The Most Important 'C' of Diamond Buying

Color-Cut-Clarity-Carat

Cut is possibly one of my favorite things to talk about when it comes to diamonds. The cut is the actual faceting and polishing of the rough stone. Cut is what makes a diamond sparkle and shine. The facet patter, and it’s precision on a stone is what controls the amount of light that is reflected back to your eye, or how much a diamond sparkles.

Did you know many diamonds are still cut by hand? Small calibrated sizes are often cut by machine but chances are that the ones you are wearing now were faceted on a spinning wheel with a surface covered in diamond dust. The only way to cut a diamond is with a diamond!

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Focus on Cut for a sparkling diamond

Buying a diamond online can be a little confusing. Which is one of many reasons I don’t always recommend it. Internet diamond buying is confusing because the terminology used to describe the cut of a diamond is not regulated in any way. One website can claim a diamond is ideal and another can call the same stone super ideal.

  1. A round brilliant cut diamond with GIA grade of excellent cut, polish, and symmetry is called a triple X or for a long time an ideal cut. As I mentioned the term “ideal” cut has been changed and warped online so it is no longer a reliable benchmark.

  2. Fancy shapes are even trickier to evaluate without having a professional look at the diamond. In a statement from the GIA website an internationally accepted system for visually evaluating the appearance of fancy-cut diamonds does not exist at this time. “research is underway to develop the basic concepts for designing and implementing such a system.” With this being said there are preferred cut benchmarks for each shape. Generally a princess cut has more value when it is more precisely square with parallel sides. A pear, oval, and marquise often have a bow tie which is caused as the length to width ration increases and the pavilion angle is steeper….It gets complicated really quickly.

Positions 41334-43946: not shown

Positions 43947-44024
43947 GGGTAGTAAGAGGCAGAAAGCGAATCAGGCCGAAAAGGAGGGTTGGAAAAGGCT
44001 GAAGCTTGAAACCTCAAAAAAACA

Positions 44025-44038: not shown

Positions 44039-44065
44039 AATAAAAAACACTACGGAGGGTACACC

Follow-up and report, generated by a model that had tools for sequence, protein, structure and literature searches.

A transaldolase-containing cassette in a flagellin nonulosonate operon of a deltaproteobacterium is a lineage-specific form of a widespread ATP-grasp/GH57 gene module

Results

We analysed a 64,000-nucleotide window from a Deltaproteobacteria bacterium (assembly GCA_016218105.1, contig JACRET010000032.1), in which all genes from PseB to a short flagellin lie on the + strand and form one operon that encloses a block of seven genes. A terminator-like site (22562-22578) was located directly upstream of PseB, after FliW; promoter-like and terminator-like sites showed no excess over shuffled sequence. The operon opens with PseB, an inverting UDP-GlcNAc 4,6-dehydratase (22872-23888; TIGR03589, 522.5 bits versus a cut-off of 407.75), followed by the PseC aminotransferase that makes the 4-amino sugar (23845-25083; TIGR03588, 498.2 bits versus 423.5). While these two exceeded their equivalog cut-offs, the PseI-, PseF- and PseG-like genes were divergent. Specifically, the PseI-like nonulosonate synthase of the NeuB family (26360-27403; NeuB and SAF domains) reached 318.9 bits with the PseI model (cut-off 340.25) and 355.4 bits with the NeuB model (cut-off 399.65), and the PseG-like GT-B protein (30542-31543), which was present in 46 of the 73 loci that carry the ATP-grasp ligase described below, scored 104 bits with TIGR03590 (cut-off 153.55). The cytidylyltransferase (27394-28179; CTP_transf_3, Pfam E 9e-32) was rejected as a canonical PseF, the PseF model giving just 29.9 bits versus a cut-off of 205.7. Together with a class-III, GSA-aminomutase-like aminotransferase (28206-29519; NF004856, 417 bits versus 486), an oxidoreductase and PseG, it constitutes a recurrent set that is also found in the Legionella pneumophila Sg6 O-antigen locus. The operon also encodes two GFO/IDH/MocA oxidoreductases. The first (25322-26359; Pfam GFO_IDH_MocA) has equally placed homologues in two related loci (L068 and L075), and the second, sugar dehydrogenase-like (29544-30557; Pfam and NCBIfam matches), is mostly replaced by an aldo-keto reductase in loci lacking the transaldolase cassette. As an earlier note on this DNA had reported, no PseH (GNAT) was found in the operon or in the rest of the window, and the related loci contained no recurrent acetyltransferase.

3. I LOVE diamonds. I think I write that in every single post but I see each one as totally unique and special. The cut of each stone is one of the many things that makes each stone so remarkable to me. To think someone shaped a rough diamond into one of the spectacular sparklers I am fortunate enough to work with is amazing.

As always, if you have any diamond questions find me on insta @katetheconcierge

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